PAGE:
Microlearning for the Mining Industry

Microlearning for the Mining Industry

According to PwC (2019), concerns surround the future of the mining industry, in terms of its focus on vital issues such as safety, the environment, technology and consumer engagement.

In order to create sustainable value for all stakeholders, changes must be made in the midst of our technological age. Small Caps announced in September 2019 that the mining industry is soon to be transformed by automation and robotics. In the next 15 years, the industry will experience an “extraordinary transformation.” Technology is soon to take over the global mining industry, with the possibility of some mine sites becoming unrecognisable.

The teach areas that will dominate the mining industry have been highlighted by an industry report presented by State of Play (Perth, Australia). Mining executives participated in a survey where findings indicated that 73% believe impacting technologies will take over in the next 15 year timeframe. These include:

  1. Robotics and automation
  2. Artificial intelligence
  3. Sensing and data.

Given that there is much to learn in the process of restructuring in the mining industry, individuals in the industry must be well-informed and on top of the various changes occurring. This can be facilitated through the implementation of microlearning.

Microlearning promotes the power of anytime, anywhere. Due to mining being labour-intensive, it is no question that miners do not have much time to set aside training within their packed days and nights. This is why enabling workers to progress through their courses in their own time results in increased engagement in and valuation of training.

Microlearning enables the share of knowledge and expertise, as well as the effective teaching of complex concepts. Course content is split into individual modules to direct all focus on that one concept. Spaced repetition is utilised to cement the knowledge absorbed by learners, countering the Forgetting Curve.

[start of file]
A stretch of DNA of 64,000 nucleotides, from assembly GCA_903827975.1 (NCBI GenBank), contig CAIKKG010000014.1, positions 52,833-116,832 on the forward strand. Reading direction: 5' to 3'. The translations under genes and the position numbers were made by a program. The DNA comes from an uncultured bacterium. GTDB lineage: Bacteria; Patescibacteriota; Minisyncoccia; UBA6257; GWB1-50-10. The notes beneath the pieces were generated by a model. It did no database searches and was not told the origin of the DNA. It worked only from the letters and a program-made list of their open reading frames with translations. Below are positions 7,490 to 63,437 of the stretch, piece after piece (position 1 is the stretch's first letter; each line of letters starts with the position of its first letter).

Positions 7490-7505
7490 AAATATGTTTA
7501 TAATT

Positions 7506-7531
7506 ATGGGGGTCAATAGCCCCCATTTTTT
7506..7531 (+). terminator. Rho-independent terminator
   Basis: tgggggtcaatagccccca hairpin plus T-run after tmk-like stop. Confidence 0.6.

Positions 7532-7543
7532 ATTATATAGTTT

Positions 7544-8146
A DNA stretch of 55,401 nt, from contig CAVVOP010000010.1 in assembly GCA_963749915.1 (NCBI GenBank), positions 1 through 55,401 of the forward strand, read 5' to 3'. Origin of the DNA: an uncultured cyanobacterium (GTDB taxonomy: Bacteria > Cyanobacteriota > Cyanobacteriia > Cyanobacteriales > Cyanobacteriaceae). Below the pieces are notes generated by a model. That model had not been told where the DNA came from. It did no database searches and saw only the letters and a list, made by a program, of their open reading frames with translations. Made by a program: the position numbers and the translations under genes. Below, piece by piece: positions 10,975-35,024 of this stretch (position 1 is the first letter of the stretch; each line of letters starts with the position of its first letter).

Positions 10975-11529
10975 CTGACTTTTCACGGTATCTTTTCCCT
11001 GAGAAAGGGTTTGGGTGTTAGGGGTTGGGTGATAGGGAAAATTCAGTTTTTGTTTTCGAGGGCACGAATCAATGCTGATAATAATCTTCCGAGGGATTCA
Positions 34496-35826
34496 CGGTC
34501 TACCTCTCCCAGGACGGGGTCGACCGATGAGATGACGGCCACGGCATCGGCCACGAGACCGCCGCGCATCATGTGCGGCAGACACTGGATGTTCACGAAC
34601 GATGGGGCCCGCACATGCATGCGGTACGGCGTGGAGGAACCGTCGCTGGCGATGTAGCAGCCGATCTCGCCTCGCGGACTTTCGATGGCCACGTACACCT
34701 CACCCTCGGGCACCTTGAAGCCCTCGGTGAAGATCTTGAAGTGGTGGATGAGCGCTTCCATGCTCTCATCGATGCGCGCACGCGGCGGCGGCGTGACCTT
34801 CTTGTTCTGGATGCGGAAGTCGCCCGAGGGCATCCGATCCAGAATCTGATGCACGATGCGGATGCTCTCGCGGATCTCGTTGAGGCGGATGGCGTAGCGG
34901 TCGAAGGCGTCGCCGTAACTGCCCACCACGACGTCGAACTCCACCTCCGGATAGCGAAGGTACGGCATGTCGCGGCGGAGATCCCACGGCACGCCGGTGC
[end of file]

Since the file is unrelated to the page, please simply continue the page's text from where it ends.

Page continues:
The Ebbinghaus Forgetting Curve (fig.1) illustrates the way our brains process information. It indicates the length of intervals within which information must be consolidated for best retention.

 

 

 

 

 

 

 

Fig. 1. Ebbinghaus Forgetting Curve

From analysis, the curve dictates the rate at which our memory weakens. Spaced repetition aims to counter effects of the curve, refreshing information stored in one’s memory before it begins to decline. Repetition of learnt information boosts the frequency of retrieval, determining the percentage of knowledge that is stored in learners’ long-term memories.

 

 

If you would like to learn more about how to build the most effective employee training strategy!

If you’d like to know more about how EdApp’s mobile learning platform can help your internal training practices, get in touch at enquiries@edapp.com. You can also try EdApp’s Mobile LMS and authoring tool for free by signing up here.

 

Source
PwC: Mine 2019-Resourcing the future
Small Caps

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